It's so tough just to know what flat is that you really don't want to be jumping to too many conclusions too fast. I agree, headphone evaluation is not very mature yet ... well, the guys at Sennheiser and AKG know what's going on pretty well, but that knowledge is secreted behind closed doors.

I agree with you whole heartedly however, there needs to be some basic ability to measure a headphone and tell whether it's flat and how much it deviates from flat.

But you'll never be able to get more than a decent gist of how something is going to sound subjectively, warm or bright and how much; maybe how ragged something sounds by looking at how much distortion ... but even that's a bit of a crap shoot.

Given that all metrics used in engineering are relative, I have yet to see a headphone measurement that was given with a defined transfer function as related to some other known and established metric that has been identified as describing objectively, essential attributes that pertain to audio fidelity.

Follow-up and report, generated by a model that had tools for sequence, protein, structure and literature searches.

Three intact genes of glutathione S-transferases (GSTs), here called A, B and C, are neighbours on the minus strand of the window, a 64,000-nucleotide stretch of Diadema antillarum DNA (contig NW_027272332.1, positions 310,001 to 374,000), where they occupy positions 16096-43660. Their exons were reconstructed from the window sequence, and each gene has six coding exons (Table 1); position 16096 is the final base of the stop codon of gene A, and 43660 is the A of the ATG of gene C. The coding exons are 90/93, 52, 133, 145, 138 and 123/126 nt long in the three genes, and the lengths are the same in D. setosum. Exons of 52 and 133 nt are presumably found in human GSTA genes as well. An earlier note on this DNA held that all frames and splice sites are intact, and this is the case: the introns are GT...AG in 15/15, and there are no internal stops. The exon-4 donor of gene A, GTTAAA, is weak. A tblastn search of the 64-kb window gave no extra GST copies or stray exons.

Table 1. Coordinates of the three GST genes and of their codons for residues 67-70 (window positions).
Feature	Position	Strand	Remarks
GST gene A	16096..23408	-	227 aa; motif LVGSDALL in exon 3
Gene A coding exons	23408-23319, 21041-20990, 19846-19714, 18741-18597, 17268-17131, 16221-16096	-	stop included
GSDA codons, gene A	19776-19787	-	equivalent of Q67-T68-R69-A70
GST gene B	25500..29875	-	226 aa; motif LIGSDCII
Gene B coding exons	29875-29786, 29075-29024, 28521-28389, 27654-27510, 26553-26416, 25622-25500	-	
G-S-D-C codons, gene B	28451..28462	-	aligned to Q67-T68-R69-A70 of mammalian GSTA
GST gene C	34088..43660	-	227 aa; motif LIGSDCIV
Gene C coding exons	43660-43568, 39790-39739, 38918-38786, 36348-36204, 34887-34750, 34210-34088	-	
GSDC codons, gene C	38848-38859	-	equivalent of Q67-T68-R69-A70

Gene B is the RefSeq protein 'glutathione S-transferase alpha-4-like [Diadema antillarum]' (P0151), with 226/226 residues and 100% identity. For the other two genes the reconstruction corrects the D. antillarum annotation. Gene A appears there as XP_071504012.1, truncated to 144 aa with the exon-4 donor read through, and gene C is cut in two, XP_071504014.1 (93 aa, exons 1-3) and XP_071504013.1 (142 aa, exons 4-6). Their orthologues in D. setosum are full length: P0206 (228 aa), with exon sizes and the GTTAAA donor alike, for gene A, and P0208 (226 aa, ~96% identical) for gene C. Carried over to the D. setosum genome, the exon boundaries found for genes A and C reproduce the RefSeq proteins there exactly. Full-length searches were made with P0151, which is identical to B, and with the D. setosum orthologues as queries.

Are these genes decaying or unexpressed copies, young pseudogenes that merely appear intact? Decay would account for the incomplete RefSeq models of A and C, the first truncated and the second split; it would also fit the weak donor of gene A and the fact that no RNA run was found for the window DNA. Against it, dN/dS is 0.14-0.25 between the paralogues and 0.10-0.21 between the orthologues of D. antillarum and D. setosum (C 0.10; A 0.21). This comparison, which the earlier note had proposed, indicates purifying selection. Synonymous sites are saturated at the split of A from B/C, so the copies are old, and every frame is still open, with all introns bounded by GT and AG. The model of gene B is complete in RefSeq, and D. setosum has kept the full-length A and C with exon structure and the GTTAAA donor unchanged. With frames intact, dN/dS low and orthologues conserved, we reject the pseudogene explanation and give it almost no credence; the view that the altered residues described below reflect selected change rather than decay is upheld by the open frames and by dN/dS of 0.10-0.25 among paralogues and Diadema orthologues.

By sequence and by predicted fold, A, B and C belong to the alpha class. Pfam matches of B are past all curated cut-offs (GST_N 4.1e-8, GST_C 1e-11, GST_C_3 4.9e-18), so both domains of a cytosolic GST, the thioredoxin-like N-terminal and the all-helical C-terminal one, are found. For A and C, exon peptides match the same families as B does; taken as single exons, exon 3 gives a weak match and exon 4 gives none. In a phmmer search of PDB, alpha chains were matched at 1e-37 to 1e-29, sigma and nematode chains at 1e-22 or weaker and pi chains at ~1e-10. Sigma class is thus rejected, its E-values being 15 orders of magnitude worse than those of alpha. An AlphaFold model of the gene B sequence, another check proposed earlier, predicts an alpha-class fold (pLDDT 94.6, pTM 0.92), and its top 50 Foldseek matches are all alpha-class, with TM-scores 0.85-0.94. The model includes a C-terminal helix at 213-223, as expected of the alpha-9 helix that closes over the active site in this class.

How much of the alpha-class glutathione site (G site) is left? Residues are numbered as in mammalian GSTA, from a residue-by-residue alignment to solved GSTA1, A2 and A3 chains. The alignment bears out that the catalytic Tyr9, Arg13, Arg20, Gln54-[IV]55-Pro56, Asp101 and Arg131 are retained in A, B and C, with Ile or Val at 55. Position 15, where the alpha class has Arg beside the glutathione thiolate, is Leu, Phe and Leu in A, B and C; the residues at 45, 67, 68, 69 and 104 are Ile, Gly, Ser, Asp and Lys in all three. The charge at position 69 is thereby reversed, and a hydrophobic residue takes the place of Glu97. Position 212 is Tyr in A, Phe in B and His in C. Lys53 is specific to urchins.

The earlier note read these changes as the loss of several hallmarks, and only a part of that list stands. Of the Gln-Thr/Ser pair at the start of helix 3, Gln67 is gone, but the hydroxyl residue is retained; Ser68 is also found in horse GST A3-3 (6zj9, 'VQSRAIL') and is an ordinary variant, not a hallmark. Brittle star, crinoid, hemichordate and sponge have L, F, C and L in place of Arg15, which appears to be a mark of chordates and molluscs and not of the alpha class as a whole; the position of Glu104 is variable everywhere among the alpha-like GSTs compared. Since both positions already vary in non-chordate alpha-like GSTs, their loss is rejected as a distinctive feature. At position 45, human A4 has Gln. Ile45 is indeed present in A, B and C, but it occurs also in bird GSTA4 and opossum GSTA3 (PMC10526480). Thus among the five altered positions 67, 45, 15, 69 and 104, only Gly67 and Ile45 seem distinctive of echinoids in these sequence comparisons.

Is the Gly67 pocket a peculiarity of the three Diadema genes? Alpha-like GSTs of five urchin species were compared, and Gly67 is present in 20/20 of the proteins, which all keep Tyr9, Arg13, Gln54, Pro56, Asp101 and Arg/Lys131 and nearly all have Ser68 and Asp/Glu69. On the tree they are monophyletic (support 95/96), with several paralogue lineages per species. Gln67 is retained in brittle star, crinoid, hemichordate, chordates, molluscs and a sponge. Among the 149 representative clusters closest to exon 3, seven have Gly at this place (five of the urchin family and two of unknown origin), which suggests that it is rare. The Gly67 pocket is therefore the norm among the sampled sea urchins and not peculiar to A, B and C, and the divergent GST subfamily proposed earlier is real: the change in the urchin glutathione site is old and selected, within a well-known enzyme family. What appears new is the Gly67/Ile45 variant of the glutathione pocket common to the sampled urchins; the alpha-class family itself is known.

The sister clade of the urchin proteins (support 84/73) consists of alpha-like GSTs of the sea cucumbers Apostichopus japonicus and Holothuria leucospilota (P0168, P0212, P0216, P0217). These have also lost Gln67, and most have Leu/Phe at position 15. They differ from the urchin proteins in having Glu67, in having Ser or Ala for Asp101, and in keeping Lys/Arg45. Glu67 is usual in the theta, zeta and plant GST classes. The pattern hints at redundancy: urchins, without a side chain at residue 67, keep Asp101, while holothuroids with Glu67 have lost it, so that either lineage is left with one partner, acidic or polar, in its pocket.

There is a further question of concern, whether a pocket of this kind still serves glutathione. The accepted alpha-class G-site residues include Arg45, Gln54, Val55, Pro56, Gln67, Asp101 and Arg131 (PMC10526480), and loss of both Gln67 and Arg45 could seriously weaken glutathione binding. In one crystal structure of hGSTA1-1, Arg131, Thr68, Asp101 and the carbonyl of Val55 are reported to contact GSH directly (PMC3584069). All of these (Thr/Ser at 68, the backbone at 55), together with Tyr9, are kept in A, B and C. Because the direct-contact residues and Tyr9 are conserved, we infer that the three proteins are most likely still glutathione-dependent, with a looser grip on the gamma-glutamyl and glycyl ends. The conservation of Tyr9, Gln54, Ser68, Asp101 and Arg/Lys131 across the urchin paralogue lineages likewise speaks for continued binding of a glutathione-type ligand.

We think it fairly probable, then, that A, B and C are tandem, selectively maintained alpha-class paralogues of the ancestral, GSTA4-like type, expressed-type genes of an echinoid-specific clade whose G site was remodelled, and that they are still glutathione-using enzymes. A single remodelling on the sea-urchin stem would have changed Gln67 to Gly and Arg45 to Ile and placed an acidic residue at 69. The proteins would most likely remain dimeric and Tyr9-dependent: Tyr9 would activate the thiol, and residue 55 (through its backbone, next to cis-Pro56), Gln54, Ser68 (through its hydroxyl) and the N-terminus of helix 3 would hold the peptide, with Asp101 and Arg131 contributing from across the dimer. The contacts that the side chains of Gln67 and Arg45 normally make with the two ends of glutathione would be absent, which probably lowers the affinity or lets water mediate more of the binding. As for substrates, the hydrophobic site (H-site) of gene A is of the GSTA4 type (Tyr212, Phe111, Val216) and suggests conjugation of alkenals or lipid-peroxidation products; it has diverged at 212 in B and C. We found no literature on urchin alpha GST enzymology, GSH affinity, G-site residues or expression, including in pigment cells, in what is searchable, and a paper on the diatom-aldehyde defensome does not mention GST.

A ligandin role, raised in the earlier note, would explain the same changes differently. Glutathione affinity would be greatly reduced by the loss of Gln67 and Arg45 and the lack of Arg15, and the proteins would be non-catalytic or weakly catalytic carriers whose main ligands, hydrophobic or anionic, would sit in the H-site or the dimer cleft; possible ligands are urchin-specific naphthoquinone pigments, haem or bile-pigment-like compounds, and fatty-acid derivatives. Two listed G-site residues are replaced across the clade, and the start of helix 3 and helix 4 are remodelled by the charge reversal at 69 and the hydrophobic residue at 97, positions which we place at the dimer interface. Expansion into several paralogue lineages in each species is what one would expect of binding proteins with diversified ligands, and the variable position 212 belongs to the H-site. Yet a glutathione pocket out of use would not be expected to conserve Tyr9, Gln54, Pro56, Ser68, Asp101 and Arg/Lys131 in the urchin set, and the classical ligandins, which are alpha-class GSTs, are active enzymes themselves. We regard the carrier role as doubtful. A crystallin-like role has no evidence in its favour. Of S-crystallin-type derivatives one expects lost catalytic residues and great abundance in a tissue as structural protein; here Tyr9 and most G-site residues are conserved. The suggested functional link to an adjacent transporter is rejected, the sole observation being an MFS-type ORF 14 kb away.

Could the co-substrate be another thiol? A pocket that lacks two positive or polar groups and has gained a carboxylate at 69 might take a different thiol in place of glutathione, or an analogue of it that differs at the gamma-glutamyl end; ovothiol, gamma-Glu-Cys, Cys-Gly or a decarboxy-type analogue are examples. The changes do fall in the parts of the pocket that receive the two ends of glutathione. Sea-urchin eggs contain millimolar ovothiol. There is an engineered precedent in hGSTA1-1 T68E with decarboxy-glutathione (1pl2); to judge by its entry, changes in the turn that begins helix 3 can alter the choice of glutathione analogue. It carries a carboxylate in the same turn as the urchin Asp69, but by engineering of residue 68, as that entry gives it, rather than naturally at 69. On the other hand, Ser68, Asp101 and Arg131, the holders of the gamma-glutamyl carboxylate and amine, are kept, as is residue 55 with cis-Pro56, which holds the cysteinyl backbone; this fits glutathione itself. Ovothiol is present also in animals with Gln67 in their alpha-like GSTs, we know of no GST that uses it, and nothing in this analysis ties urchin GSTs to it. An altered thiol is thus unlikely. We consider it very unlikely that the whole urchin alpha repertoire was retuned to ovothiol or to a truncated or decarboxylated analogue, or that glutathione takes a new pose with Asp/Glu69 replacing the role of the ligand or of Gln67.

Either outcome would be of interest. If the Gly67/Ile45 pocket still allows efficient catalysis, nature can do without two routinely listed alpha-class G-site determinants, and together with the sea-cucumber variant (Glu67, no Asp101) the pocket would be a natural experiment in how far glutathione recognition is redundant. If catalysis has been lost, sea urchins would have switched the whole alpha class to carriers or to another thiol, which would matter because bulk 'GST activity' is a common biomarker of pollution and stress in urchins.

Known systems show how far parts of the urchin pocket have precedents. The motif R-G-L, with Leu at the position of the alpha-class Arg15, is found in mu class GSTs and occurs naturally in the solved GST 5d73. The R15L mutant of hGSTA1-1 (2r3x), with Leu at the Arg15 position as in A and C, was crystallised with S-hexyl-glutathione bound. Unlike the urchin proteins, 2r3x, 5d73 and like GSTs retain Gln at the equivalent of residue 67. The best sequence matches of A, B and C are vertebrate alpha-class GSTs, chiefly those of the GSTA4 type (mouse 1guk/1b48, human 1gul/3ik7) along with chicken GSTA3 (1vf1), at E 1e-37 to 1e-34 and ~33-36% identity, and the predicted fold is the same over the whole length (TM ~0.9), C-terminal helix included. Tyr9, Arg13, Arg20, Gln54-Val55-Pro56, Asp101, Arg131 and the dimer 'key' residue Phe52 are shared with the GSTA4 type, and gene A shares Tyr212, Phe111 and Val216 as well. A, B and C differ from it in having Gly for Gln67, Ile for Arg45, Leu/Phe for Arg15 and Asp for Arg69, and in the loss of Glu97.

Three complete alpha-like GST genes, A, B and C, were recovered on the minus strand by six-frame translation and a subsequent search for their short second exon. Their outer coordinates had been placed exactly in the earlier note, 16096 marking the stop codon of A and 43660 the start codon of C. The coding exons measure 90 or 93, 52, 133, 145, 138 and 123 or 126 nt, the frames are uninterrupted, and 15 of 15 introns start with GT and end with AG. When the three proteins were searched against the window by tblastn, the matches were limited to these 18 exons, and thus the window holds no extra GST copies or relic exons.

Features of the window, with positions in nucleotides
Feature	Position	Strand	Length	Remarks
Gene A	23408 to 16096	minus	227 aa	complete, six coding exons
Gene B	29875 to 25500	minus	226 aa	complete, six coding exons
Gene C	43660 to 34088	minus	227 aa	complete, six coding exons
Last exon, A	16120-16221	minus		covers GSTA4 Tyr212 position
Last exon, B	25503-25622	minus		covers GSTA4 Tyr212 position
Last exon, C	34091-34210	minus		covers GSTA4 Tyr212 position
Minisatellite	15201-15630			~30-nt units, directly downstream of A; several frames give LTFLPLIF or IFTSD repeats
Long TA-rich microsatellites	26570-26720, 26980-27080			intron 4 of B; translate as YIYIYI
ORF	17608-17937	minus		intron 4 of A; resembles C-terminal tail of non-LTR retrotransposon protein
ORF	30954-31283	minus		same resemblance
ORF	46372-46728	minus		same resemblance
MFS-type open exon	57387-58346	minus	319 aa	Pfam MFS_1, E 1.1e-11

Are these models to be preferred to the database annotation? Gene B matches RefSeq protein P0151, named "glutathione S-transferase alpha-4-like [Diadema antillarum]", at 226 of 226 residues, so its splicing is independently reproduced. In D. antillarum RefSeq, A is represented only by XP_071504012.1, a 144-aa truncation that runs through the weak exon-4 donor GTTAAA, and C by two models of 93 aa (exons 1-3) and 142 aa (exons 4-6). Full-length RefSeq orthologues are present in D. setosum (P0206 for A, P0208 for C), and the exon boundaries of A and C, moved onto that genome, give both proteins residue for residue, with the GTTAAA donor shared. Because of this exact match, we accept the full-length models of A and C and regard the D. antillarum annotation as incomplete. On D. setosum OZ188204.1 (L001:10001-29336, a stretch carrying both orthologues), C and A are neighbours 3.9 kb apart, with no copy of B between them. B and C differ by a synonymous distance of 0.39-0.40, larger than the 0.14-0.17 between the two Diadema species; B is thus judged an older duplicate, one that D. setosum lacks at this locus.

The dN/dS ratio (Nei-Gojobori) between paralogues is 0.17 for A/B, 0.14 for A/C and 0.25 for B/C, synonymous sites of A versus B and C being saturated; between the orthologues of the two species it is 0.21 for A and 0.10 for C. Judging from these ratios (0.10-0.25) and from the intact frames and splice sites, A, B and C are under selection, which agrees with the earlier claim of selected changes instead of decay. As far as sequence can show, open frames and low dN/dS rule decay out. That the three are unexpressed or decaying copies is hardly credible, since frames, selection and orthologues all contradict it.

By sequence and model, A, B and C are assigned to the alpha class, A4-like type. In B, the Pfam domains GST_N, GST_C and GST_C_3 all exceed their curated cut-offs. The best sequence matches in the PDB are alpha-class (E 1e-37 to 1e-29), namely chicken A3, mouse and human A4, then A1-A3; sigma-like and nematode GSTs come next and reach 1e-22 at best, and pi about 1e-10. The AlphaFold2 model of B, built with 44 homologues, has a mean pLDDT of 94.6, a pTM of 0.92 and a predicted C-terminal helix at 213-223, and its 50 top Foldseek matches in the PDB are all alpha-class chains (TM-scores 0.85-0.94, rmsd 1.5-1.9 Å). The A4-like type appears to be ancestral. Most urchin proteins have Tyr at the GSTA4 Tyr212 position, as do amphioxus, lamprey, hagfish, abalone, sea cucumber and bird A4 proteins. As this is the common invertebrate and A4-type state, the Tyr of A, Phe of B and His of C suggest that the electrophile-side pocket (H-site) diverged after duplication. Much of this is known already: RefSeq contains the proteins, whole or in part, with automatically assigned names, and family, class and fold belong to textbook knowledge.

We're going to be talking about that big time in in my lab thread soon.

Quote:
Originally Posted by Jaxter View Post
I don't believe thus far, that the industry has come up with a protocol that really quantifies the accuracy or performance of headphones to date. I realize that there is much debate concerning which attributes are the most important when defining this metric. Although even the most basic measure of say a frequency response curve (what should the curve look like?) has yet to be determined.

I would greatly appreciate any thoughts regarding the measure and quality of current headphones and what you believe is the beth method of achieving that.
Working on it. You're welcome to come give me a hand.